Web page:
HART to feature Gary Carden stories

'Land's End' tells tales from WNC and beyond
By Stina Sieg | Jan 23, 2012
Photo by: Stina Sieg HART's Feichter Studio Theatre will debut "Land's End and Beyond," which features five Gary Carden stories, this Friday night. Above, John Winfield gets into character as Philoctetes, the star of a Carden story of the same name.

There are no fancy sets, expensive costumes or elaborate dance numbers in director Tom Dewees’ newest show — and that’s all by design. Like the short stories on which its based, “Land’s End and Beyond” aims not to be glossy and glamorous,  but instead as human as possible.

The show, a collection of monologues and a mini-play, is based on the stories of Western North Carolina author (and Dewees’ friend) Gary Carden. All peppered with bits of reality and often marinated in regional flavor, the stories give fleshed-out portraits of their characters, warts and all.

“The tales are dark comedy,” Dewees said. “There is something to laugh and feel good about in every story, but there is darkness in each one of them as well. They are all slices of life.”

They are also stories he’s been itching to bring alive for decades. About 20 years ago, Carden asked Dewees to learn and perform “Coy,” one of the show’s acts, for a writing conference in Charlotte. Semi-autobiographical, the monologue tells of a young man who, like Carden, knows hard knocks. As Carden was, Coy was abandoned by his mother and raised by his grandfather, among other struggles. Dewees was moved by the tough and touching story all those years ago, and he vowed to perform it again for a bigger audience.

This show, starting Friday at Haywood Arts Regional Theatre’s Feichter Studio, is his chance. And he’s bringing many more colorful Carden characters along for the ride.

“Jesse Racer” follows the life of a Native American man who makes his livelihood “chiefing,” as in playing the part of a stereotypical Indian, on the touristy streets of Cherokee. There’s also “Jimmy Du,” a tale of a paraplegic at the end of his rope, and “Signs and Wonders,” which tells of Shelby Jean, a Georgia girl who falls for (and is impregnated by) a traveling preacher. The humorous mini-play “Philoctetes” is a yarn about the titular character — Phil, if you’d rather — and Ulysses, who are trying to take the ancient city of Troy together as they work through their love-hate relationship.

With each of these little biographies, Dewees appreciates the care and attention Carden has taken to be true to his characters, while still making them sympathetic and relatable. By adding a bit of humor, a little sweet with the sour, Carden has a way of introducing audiences to people they probably wouldn’t meet any other way.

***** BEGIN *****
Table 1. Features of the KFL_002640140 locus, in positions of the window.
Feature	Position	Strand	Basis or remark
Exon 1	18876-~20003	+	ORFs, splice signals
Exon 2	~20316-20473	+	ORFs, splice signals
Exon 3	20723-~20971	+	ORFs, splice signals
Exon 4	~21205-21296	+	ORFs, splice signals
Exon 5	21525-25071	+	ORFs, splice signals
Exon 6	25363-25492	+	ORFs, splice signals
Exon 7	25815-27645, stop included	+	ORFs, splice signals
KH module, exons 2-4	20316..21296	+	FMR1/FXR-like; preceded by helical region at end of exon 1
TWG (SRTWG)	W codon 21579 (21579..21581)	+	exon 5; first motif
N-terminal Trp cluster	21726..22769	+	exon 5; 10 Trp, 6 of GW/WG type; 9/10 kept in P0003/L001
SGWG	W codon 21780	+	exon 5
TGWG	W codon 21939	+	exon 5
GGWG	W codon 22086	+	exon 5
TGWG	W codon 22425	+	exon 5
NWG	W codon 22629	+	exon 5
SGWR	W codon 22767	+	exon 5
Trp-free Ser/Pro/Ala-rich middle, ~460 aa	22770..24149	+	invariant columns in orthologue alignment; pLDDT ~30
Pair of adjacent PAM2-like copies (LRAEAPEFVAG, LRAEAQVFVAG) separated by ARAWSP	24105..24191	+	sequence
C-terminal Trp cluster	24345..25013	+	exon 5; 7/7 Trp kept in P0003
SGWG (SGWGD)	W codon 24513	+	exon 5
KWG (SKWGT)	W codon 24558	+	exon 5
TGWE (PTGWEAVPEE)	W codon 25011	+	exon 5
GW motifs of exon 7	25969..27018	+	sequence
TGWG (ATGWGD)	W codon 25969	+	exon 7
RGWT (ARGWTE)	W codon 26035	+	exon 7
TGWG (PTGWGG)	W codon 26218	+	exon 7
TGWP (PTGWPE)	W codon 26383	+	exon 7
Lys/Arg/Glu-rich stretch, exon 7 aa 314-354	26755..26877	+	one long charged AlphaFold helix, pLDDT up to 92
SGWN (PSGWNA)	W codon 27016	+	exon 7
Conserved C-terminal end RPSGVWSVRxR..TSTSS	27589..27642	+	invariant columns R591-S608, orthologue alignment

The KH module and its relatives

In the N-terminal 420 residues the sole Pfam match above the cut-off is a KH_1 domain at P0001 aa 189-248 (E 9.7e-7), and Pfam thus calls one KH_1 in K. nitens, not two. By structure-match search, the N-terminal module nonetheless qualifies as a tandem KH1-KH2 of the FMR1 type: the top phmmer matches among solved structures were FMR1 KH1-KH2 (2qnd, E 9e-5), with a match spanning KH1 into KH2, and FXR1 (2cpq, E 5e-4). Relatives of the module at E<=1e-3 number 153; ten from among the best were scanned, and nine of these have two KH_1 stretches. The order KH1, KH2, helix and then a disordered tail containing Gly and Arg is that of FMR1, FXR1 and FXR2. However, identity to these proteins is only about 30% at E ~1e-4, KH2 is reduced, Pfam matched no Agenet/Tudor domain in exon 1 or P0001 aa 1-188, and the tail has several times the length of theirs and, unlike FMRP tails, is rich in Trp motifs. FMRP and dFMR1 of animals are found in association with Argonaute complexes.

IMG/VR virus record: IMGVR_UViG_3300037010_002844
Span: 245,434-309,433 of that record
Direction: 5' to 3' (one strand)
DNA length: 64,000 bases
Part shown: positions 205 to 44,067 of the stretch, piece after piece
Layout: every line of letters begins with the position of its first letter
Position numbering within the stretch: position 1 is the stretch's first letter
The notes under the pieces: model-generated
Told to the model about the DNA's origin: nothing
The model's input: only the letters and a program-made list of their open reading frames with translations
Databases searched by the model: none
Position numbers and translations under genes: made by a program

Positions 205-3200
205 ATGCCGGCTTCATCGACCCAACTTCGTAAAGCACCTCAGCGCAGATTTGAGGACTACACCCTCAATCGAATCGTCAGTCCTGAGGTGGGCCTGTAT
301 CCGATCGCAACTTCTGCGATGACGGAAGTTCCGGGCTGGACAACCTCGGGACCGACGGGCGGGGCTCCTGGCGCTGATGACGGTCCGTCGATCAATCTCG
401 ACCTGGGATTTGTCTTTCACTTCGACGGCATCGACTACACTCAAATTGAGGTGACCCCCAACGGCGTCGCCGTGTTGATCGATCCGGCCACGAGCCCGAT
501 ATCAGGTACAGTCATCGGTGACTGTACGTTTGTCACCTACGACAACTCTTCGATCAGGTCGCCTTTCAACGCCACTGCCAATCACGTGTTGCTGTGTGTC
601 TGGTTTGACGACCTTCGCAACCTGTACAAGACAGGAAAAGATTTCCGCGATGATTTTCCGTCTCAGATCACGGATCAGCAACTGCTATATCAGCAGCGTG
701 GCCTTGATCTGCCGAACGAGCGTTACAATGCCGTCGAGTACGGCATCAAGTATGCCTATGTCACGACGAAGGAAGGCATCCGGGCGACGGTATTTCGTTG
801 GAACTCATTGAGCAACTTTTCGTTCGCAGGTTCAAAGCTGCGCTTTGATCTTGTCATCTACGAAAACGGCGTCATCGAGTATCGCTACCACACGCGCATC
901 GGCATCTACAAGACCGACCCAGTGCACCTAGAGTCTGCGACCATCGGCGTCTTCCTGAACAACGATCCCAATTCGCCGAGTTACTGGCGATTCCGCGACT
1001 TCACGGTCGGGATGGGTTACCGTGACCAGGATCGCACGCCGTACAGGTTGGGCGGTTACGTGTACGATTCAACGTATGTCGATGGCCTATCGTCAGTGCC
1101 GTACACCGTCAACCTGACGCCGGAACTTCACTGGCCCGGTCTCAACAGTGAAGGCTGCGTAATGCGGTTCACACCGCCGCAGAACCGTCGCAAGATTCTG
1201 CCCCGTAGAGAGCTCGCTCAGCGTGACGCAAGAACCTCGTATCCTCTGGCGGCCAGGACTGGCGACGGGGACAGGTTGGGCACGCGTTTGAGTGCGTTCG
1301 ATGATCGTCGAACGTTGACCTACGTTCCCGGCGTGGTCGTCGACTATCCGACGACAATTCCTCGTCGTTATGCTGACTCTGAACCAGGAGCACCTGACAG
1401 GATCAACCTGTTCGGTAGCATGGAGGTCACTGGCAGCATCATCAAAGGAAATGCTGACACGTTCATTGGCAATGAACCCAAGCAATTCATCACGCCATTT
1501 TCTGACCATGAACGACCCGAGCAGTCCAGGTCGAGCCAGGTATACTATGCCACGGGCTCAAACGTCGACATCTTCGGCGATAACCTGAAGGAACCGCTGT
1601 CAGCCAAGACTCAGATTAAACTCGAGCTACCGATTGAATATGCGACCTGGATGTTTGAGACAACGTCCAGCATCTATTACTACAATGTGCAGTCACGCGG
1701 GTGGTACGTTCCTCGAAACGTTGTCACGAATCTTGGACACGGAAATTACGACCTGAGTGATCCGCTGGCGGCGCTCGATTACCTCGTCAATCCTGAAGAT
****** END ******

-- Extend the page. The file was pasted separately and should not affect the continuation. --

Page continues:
As Dewees put it, “He makes entertaining stories that could be difficult to tell.”

Maybe it comes as no surprise that Carden’s ability to make people identify with souls far different from themselves has even affected Dewees’ cast. At a recent rehearsal, two of the show’s stars spoke of their delight with their new alter egos.

Holly Ann Harmon, who stars in “Signs and Wonders,” admitted that she sees herself in Shelby Jean, in both their gifts and shortcomings. They’re both easily distracted and prone to singing idly without much promptling. They’re also comfortable being genuine and are happy to say the things others won’t.

“She’s herself, no matter what,” Harmon said, smiling with a little pride.

Harmon also mentioned how, this being a studio show, she gets to dig deeper into her character, as there’s really nothing else in her monologue to distract an audience. With the absence of other actors and with hardly a set to speak of, the 19-year-old will have to entertain the crowd with nothing more than her ability to channel Shelby Jean.

“I’m kind of excited to find out what I can do,” she said.

John Winfield, who’s been a mainstay at HART for years, knows the feeling. He feels it before any show. As Phil, Winfield is excited to access the short play’s humorous bits while diving into the heart of man who’s been left on an island for almost decade and has suddenly been asked to help the very person who abandoned him.

He’s also looking forward to the added intimacy of the studio’s bare-bones setting, which he believes pumps up the show’s confessional tone.

As much as he’s anticipating his debut as Phil, however, he almost seems more jazzed about seeing Dewees, his longtime friend, finally take the stage as Coy once more.

“I’ve known Tom as an actor for years and he is so powerful in this piece,” Winfield said. “It’s really something.”

Dewees hopes Carden will feel the same. With any play there’s a hunger to capture the story correctly, he explained, but with this show the desire is certainly ramped up. Dewees wants to do right by Carden’s compassionately written characters and isn’t afraid to describe his trepidation. Of course he’s nervous, but that fear is also part of the fun.

“Life’s not worth living much without taking some chances,” he said. “What greater chance is there than the possibility of making a fool of yourself in front of friends of family?”

And what better place to risk it than on the stage?

“Land’s End and Beyond” stars Eddie Swimmer, Jeremy Bridges, Jack Ross, Holly Ann Harmon, Tom Dewees and John Winfield, and is directed by Dewees. Performance times are 7:30 p.m. Friday and Saturday, Jan. 27 and 28, and 3 p.m. Sunday, Jan. 29. Possible holdover dates are Feb. 3-5. For tickets, call 456-6322 Monday through Saturday from 1 to 5 p.m. All shows are in the Feichter Studio, 250 Pigeon St., in Waynesville.

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